Justice UU Lalit Sworn In As CJI; Has Big Plans Lined UP For Short Tenure

| Updated: August 28, 2022 9:00 am

Justice Uday Umesh Lalit was on Saturday sworn in as the 49th Chief Justice of India. President Droupadi Murmu administered the oath at a brief ceremony held at the Rashtrapati Bhavan. Vice President Jagdeep Dhankhar, Prime Minister Narendra Modi and Union ministers were also present at the ceremony. Moreover, Justice Lalit’s predecessor, Justice N.V. Ramana, was also present.

However, the 49th Chief Justice of India, Justice Uday Umesh Lalit, is facing a tenure that is expected to be a race against time with less than two months till retirement on November 8. Especially considering the busy court calendar during the holidays.

The court is expected to be in session for a full month in September, but only for 14 days in October. However, cases can be heard during the Dussehra and Diwali holidays if the CJI wants to and the other justices cooperate. During the 2015 court’s summer recess, Chief Justice Khehar (as he was known at the time) heard the National Judicial Appointments Commission (NJAC) case.

Some of Chief Justice Lalit’s remarks have given the impression that he wants to face the Supreme Court’s problems head-on. The new CJI has given hints about his plans during the last few days. As an example, on his first day of work as the chief judge, he scheduled the hearing of 25 Constitution Bench cases beginning on August 29. These include complaints about WhatsApp’s privacy policies, the Constitution (One Hundred and Third Amendment) Act, 2019, which included provisions for reservations for economically disadvantaged sectors, and jallikattu-related petitions.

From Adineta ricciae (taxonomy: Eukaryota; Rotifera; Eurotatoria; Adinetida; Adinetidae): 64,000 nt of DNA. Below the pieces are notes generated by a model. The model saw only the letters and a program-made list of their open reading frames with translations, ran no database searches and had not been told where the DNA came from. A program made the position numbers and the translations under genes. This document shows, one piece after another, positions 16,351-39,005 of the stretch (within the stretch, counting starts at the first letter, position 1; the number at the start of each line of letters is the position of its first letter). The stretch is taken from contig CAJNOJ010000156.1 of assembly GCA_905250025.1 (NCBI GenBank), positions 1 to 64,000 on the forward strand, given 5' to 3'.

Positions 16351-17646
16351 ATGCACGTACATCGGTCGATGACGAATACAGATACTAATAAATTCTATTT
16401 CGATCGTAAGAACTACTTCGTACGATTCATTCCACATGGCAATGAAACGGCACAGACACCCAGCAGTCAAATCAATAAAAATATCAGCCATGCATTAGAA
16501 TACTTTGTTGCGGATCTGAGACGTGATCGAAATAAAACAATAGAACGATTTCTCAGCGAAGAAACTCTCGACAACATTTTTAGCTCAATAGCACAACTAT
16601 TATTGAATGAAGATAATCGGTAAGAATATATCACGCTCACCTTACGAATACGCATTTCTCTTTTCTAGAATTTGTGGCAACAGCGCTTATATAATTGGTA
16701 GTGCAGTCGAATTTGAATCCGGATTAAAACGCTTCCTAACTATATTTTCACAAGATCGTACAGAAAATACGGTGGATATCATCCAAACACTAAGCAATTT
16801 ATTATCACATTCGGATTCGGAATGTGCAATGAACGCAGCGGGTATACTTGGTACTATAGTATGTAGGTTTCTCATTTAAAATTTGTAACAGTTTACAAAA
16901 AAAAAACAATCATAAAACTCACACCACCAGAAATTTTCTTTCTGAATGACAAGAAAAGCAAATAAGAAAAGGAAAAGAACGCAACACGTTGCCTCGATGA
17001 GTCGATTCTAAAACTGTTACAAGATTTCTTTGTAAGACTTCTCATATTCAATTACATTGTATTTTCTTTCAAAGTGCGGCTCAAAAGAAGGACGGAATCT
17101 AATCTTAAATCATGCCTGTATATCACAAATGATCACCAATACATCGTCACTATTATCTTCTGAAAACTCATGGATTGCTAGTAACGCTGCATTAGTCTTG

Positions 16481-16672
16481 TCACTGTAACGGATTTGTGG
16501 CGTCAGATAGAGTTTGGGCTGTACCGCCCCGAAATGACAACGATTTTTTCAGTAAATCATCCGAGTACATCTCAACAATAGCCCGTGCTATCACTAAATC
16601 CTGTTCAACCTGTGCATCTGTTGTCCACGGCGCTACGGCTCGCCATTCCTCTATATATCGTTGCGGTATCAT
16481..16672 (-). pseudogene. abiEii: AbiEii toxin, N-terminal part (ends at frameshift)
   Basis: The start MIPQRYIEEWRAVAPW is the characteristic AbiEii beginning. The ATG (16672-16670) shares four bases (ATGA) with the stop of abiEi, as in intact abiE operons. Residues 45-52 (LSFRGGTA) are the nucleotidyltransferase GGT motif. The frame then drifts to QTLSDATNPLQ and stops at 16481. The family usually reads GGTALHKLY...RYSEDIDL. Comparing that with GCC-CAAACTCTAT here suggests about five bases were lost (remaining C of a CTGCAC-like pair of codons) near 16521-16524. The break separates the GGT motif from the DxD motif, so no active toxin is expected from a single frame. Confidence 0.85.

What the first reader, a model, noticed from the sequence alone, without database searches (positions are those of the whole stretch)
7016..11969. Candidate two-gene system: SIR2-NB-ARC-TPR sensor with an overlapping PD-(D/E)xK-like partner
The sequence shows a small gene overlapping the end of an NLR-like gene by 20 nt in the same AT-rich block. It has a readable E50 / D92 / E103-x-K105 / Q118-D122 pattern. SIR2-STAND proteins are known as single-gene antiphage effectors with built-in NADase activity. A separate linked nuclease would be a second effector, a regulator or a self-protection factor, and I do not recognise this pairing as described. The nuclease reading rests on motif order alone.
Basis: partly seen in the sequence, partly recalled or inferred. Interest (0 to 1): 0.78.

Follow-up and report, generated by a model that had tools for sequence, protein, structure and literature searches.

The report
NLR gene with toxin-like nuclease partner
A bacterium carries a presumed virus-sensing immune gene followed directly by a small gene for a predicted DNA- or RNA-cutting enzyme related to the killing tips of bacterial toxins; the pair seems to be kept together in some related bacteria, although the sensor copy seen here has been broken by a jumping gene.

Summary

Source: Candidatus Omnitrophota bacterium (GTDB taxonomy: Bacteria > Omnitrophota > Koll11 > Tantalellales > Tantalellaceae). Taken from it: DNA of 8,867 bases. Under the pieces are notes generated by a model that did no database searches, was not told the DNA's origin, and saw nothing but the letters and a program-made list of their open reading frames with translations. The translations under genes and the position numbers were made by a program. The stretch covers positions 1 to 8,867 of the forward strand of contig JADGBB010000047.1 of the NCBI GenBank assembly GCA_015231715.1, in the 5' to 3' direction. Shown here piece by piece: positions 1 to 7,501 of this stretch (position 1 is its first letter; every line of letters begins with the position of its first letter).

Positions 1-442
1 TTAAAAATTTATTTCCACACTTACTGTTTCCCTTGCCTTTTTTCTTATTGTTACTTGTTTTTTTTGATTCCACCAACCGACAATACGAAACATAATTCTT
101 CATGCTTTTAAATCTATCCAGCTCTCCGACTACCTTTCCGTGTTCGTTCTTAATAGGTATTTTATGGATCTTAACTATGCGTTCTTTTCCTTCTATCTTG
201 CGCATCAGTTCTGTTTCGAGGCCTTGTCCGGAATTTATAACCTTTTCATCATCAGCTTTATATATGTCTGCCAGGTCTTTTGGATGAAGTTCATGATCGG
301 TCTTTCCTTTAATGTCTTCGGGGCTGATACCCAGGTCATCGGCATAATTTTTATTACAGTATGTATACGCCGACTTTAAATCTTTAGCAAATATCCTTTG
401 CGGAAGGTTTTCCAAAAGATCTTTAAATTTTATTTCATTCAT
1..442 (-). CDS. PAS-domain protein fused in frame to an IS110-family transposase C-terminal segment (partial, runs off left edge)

Between March and May 2021, a Constitution Bench last met to discuss the Maratha Reservation case. During the time of the former Chief Justice Ramana, not a single Constitution Bench was established.
Additional assurances from Chief Justice Lalit include the maintenance of at least one Constitution Bench throughout the year.

To prevent lawyers from being kept in the dark regarding the outcome of their cases, the top judge has also promised transparency in the listing of cases. He has assured attorneys that they will have the chance to speak with the relevant Bench directly to request an early hearing in matters requiring urgent relief, such as bail pleas.

“I want all the 15 Benches functioning,” Chief Justice Lalit said.

By adding extra Benches, the CJI has already started to resolve the serious backlog of over 71,000 cases at the Supreme Court. He will soon have 15 benches with two judges each operating every Tuesday through Thursday.

It remains to be seen, though, whether he will use his brief term to designate judges to the supreme court. Justice R.M. Lodha, who served as India’s 41st Chief Justice for six months, was able to effectively initiate the appointment of two senior attorneys immediately to the Supreme Court bench, one of which was Justice Lalit.

However, Chief Justice Lalit may also leave it to Justice D.Y.

Justice Chandrachud, who has a tenure of 24.5 months and would succeed him based on seniority, is in charge of making nominations.
The Supreme Court currently has 30 judges, which is four fewer than the entire sanctioned strength of 34.

The controversy about giving Chief Justices of India a fixed term of office is highlighted by Justice Lalit’s case. They might use this information to organise and carry out reforms. In actuality, Justice Chandrachud would serve as Chief Justice of India for the longest period among the six to come. Attorney B.V.

Justice BV Nagarathna, who is in line to be India’s first woman Chief Justice, would have a tenure of only a little over a month as a top judge.

Chief Justice Lalit, when asked by The Hindu in a recent interview about extending the retirement age of judges from 65 years to 67 years, and fixity of tenure, said it was a matter of policy for the lawmakers to decide.

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